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NASA Spacecraft Spots Inactive Volcano on Planet Ceres

Sep 02, 2016 04:24 AM EDT
NASA's Dawn Spacecraft Sends back Pictures Of Vesta Asteroid
NASA Spacecraft spots an inactive volcano on dwarf planet ceres.
(Photo : NASA/JPL-Caltec via Getty Images)

During its orbit, NASA's Dawn spacecraft spotted what is likely to be an inactive volcano on the surface of dwarf planet Ceres. This planet is also the largest object found between Jupiter and Mars. What is it about the volcano on the dwarf planet that makes the discovery surprising?

"It's totally cool and unexpected," exclaimed Christopher Russell, the chief scientist at the University of California.

The volcano spotted on planet Ceres is said to be as tall as Mount Everest. On Thursday, scientists also add that it had erupted approximately a hundred million years ago. This is not the first time that evidence of volcanic activity has been spotted on a wealth of other planets.

Images captured by the Dawn spacecraft of planet Ceres was analyzed by Ottaviano Ruesch of NASA Goddard Space Flight Center. According to Ruesch and his team, the dome-shaped mountain spotted on Ceres is made of mud and salt, which is completely different from volcanoes found in the outer solar system that are made out of ice.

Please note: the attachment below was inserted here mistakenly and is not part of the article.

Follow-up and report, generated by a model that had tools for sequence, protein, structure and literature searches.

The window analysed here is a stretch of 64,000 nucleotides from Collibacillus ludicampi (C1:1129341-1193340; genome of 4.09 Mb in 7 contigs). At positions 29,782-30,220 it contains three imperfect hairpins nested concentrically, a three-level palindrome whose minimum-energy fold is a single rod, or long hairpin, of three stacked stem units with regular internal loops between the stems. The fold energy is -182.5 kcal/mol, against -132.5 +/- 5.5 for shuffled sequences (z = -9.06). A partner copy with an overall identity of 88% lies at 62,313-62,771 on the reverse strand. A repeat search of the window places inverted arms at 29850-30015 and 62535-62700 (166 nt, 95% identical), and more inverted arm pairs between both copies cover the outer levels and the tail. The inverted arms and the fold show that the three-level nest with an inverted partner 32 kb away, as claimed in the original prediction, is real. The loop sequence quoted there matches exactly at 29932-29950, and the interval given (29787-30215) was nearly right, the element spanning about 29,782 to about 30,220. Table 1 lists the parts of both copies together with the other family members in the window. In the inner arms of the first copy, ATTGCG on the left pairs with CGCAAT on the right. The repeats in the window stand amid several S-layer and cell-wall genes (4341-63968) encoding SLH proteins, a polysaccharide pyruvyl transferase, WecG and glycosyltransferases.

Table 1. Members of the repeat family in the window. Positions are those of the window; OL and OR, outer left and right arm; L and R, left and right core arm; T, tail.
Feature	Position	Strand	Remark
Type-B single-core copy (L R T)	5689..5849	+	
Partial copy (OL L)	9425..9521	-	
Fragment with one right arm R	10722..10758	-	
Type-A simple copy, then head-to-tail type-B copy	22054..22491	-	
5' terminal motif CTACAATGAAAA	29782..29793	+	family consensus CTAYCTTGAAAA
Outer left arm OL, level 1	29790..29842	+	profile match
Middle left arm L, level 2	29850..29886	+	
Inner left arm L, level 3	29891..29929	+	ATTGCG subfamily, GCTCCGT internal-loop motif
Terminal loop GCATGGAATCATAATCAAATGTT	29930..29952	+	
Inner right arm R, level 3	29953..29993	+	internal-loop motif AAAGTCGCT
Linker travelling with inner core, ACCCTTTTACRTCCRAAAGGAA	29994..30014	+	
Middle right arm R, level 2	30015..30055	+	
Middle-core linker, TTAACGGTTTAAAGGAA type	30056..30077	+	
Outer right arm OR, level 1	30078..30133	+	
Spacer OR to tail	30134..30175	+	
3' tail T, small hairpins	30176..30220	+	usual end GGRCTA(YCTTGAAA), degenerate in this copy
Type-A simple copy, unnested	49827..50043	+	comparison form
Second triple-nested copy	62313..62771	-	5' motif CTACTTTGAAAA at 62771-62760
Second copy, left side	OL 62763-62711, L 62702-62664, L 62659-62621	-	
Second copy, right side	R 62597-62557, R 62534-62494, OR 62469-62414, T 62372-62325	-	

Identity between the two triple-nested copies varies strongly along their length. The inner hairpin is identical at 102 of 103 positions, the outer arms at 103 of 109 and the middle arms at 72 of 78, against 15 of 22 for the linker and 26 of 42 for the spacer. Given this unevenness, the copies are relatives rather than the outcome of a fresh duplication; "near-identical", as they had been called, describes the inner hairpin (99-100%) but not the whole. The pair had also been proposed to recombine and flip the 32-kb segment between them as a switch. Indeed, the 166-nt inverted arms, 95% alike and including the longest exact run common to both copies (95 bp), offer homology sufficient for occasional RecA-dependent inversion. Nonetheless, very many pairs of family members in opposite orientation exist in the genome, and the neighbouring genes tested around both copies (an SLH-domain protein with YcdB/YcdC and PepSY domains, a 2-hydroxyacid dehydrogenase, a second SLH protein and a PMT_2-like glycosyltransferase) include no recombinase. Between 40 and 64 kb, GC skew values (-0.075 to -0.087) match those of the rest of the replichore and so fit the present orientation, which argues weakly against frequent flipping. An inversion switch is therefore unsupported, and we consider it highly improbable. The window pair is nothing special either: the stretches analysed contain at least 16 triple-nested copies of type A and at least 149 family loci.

Dawn spacecraft orbited Ceres for months but no volcanic eruptions were noted. As for their discovery of the inactive volcano, it was published in the journal of Science. Other notable studies published include minerals and ice, as well as impact craters on the surface of Ceres.

Ceres was once considered a planet but has been downgraded to an asteroid. In 2006, it has then been classified as a dwarf planet, which is the same as the former ninth planet, Pluto. As for the Dawn spacecraft, Ceres is its second and last stop.

NASA's Dawn spacecraft had wrapped up its mission to Ceres back in June. It flew approximately 240 miles above Ceres. While NASA had originally planned for a mission extension, engineers decided to cut the mission short to save on fuel. Dawn will be moving away from Ceres, at 910 miles above, for a new round of observations.

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